The former RCMP commanding officer in Nova Scotia has told the inquiry into the April 2020 mass shooting that she first saw the killer’s replica police cruiser in a news report before she went to work on the second day of the rampage.
In a transcript of Lee Bergerman’s Aug. 2 interview with inquiry lawyers, the former assistant commissioner, who retired in October 2021, said she only had scant details early on April 19 of what had initially transpired the night before in the small rural community of Portapique, N.S.
On April 18 of that year, a gunman murdered 13 people in the community and then escaped in a replica police cruiser. The killer went on to murder another nine people the following day, before he was shot dead by police at a gas station.
In the document released by the public inquiry, Bergerman said she was first notified that something was happening before she went to bed around 11 p.m. on April 18. She confirmed that she learned the next morning about killer Gabriel Wortman’s replica car but was “stunned” when she saw it on the news shortly before she left home to head to her office around 9:30 a.m.
“I do recall being, I would describe, stunned at the … when I saw the police car that they had,” Bergerman said.
She added that she was convinced that one of the RCMP cruisers had been stolen, so she called Chief Superintendent Chris Leather to ask whether that was the case.
“He confirmed that all of our police cars had been accounted for,” said Bergerman.
She said it was only after she made it to her office that she was informed that the photo had been provided to the RCMP by a witness.
In fact, the photo had been obtained from a relative of Lisa Banfield — the killer’s spouse — by Halifax Regional Police, who had sent it to the RCMP around 7:30 a.m. The photo wasn’t shared publicly by police until the RCMP issued a tweet around three hours later.
Meanwhile, Bergerman confirmed that she never considered using the province’s Alert Ready system to advise the public, saying that she was told information was being released through Twitter — as was H-Division Nova Scotia’s practice.
“So I was satisfied with what they were trying to do at that point. I never … I’ve never considered Alert Ready,” she said.
Bergerman’s public testimony before the inquiry on Monday is to be followed Tuesday by an appearance on the stand by RCMP Commissioner Brenda Lucki. Both senior Mounties have each given previous testimony before a parliamentary committee in Ottawa that is investigating alleged political interference in the RCMPs handling of the case.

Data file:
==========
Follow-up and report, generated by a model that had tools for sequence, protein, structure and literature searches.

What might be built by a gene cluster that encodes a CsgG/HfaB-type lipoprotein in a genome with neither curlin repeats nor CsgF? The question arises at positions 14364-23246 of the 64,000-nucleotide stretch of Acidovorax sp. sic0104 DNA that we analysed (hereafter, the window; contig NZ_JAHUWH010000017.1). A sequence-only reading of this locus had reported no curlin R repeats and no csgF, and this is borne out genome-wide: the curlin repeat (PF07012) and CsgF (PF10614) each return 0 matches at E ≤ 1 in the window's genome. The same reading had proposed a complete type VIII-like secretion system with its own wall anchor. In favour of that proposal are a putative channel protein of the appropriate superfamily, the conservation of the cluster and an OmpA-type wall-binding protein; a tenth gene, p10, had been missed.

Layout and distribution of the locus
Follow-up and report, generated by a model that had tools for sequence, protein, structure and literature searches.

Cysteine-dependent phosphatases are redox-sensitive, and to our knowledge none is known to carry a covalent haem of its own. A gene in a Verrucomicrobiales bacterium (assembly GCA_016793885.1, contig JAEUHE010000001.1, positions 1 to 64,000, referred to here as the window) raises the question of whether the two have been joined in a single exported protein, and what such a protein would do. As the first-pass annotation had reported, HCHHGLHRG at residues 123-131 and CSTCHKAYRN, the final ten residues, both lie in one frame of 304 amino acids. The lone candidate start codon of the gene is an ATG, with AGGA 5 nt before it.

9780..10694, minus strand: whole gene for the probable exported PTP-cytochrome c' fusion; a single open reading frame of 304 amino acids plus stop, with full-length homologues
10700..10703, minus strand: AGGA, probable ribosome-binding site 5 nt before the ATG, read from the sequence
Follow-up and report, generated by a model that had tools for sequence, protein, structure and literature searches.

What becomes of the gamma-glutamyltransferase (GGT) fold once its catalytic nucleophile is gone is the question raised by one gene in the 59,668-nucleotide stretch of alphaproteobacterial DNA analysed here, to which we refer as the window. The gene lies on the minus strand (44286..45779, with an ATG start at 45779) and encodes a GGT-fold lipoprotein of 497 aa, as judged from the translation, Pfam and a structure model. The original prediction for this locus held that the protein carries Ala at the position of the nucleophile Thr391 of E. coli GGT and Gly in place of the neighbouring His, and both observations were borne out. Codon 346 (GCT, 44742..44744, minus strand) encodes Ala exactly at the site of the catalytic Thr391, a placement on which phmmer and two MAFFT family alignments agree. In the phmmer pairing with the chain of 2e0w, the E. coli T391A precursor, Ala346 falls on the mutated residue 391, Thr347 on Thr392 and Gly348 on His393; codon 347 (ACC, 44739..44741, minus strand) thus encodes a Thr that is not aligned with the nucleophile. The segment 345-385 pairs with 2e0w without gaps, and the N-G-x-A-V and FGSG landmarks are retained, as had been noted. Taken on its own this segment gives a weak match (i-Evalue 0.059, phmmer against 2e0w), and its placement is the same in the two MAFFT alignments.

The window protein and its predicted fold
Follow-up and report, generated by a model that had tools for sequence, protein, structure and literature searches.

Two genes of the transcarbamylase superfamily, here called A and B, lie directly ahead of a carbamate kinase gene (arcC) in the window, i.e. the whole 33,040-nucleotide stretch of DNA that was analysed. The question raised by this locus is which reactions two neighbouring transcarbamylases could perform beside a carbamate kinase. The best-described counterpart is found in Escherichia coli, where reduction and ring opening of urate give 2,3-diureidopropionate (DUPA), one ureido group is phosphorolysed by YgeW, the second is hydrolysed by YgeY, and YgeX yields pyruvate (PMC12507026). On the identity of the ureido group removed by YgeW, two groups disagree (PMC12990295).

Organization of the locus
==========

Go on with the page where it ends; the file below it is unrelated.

In the interview document, Bergerman’s testimony appears consistent with what she told the parliamentary committee. She again said that Nova Scotia RCMP only sent information about the killer’s weapons to Lucki and to the deputy commissioner in an April, 23, 2020, email after getting the go-ahead from the head of Nova Scotia’s Serious Incident Response Team, Pat Curran.
Curran told the committee that he “gave no directives to the RCMP” about the five firearms the killer had in his possession when he was killed by police on April 19.
Bergerman said she disagrees with Curran’s assertion, adding that it wasn’t her understanding of the phone conversation the head of SiRT had with both she and Leather.
“Well that’s not what … that’s not what he said at the call,” she told the inquiry. “He said it was not to be shared outside … it could be shared within the RCMP.”
She also told inquiry lawyers that she felt that an April 28, 2020, phone call with Lucki was the first time she was aware that potential gun legislation to ban assault-style weapons was being considered by the federal Liberal government.
Bergerman characterized Lucki as angry that details about the gunman’s weapons had not been included in an RCMP news conference conducted prior to the call.
“(Lucki) felt disrespected and disobeyed,” Bergerman said. “Legislation, like there was gun legislation coming up … and that we didn’t understand the big picture as it related to that.”
Lucki has maintained that she did not interfere in the investigation but was frustrated with the Nova Scotia division over its communication with the public because media were reporting facts before the RCMP released them.
Keith Doucette, The Canadian Press
This report by The Canadian Press was first published Aug. 22, 2022.